The Duke's Children, by Anthony Trollope

Chapter 74

‘Let Us Drink a Glass of Wine Together’

Silverbridge pondered it all much as he went home. What a terrible story was that he had heard! The horror to him was chiefly in this — that she should yet be driven to marry some man without even fancying that she could love him! And his was Lady Mabel Grex, who, on his own first entrance into London life, now not much more than twelve months ago, had seemed to him to stand above all other girls in beauty, charm, and popularity!

As he opened the door of his house with his latch-key, who should be coming out but Frank Tregear — Frank Tregear with his arm in a sling, but still with an unmistakable look of general satisfaction. ‘When on earth did you come up?’ asked Silverbridge. Tregear told him that he had arrived on the previous evening from Harrington. ‘And why? The doctor would not have let you come if he could have helped it.’

‘When he found he could not help it, he did let me come. I am nearly all right. If I had been nearly all wrong I should have had to come.’

‘And what are you doing here?’

‘Well; if you’ll allow me I’ll go back with you for a moment. What do you think I have been doing?’

‘Have you seen my sister?’

‘Yes, I have seen your sister. And I have done better than that. I have seen your father. Lord Silverbridge — behold your brother-in-law.’

‘You don’t mean to say that it is arranged?’

‘I do.’

‘What did he say?’

‘He made me understand by most unanswerable arguments, that I had no business to think of such a thing. I did not fight the point with him — but simply stood there, as conclusive evidence of my business. He told me that we should have nothing to live on unless he gave us an income. I assured him that I would never ask him for a shilling. “But I cannot allow her to marry a man without an income,” he said.’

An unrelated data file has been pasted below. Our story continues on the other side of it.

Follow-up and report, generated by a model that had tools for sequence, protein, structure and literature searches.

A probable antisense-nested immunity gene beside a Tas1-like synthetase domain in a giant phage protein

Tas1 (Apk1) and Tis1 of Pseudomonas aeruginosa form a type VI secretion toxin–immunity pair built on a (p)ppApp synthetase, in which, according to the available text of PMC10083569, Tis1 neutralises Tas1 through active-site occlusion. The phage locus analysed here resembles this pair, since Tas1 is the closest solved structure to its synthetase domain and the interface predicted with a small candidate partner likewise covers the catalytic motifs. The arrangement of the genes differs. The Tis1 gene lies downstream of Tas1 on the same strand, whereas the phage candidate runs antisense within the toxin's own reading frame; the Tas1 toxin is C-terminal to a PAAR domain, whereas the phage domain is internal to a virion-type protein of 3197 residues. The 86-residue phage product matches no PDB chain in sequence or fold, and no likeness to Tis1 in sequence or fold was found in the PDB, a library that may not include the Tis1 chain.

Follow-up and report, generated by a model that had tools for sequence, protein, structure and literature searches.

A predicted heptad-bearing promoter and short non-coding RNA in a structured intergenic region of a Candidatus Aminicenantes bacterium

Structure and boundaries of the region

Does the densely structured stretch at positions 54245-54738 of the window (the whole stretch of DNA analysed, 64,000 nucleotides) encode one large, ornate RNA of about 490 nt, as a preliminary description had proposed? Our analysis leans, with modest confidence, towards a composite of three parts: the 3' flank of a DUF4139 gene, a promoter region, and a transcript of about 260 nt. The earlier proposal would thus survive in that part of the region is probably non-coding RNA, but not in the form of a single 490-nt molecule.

‘I know his way so well.’

‘I have just two facts to go upon — that I would not give her up, and that she would not give me up. When I pointed that out he tore up his hair — in a mild way, and said that he did not understand that kind of thing at all.’

‘And yet he gave way.’

‘Of course he did. They say that when a king of old would consent to see a petitioner for his life, he was bound by his royalty to mercy. So it was with the Duke. Then, very early in the argument, he forgot himself, and called her — Mary. I knew that he had thrown up the sponge then.’

‘How did he give way at last?’

‘He asked me what were my ideas about life in general. I said that I thought Parliament was a good sort of thing, that I was lucky enough to have a seat, and that I should take lodgings somewhere near Westminster till-“Till what?” he asked. Till something is settled I replied. Then he turned away from me and remained silent. May I see Lady Mary? I asked. “Yes; you may see her,” he replied, as he rang the bell. Then when the servant was gone he stopped me. “I love her too dearly to see her grieve,” he said. “I hope you will show that you can be worthy of her.” Then I made some sort of protestation and went upstairs. While I was with Mary there came a message to me, telling me to come to dinner.’

‘The Boncassens are all dining there.’

‘Then we shall be a family party. So far I suppose I may say it is settled. When he will let us marry heaven only knows. Mary declares that she will not press him. I certainly cannot do so. It is all a matter of money.’

‘He won’t care about that.’

‘But he may perhaps think that a little patience will do us good. You will have to soften him.’ Then Silverbridge told all he knew about himself. He was to be married in May; was to go to Matching for a week or two after his wedding, was then to see the Session to an end, and after that to travel with his wife to the United States. ‘I don’t suppose we shall be allowed to run about the world together so soon as that,’ said Tregear, ‘but I am too well satisfied with my day’s work to complain.’

‘Did he say what he meant to give her?’

‘Oh dear no; — nor even that he meant to give her anything. I should not dream of asking a question about it. Nor when he makes any proposition shall I think of having any opinion of my own.’

‘He’ll make it all right; — for her sake you know.’

‘My chief object as regards him, is that he should not think I have been looking for her money. Well; good-bye. I suppose we shall all meet at dinner?’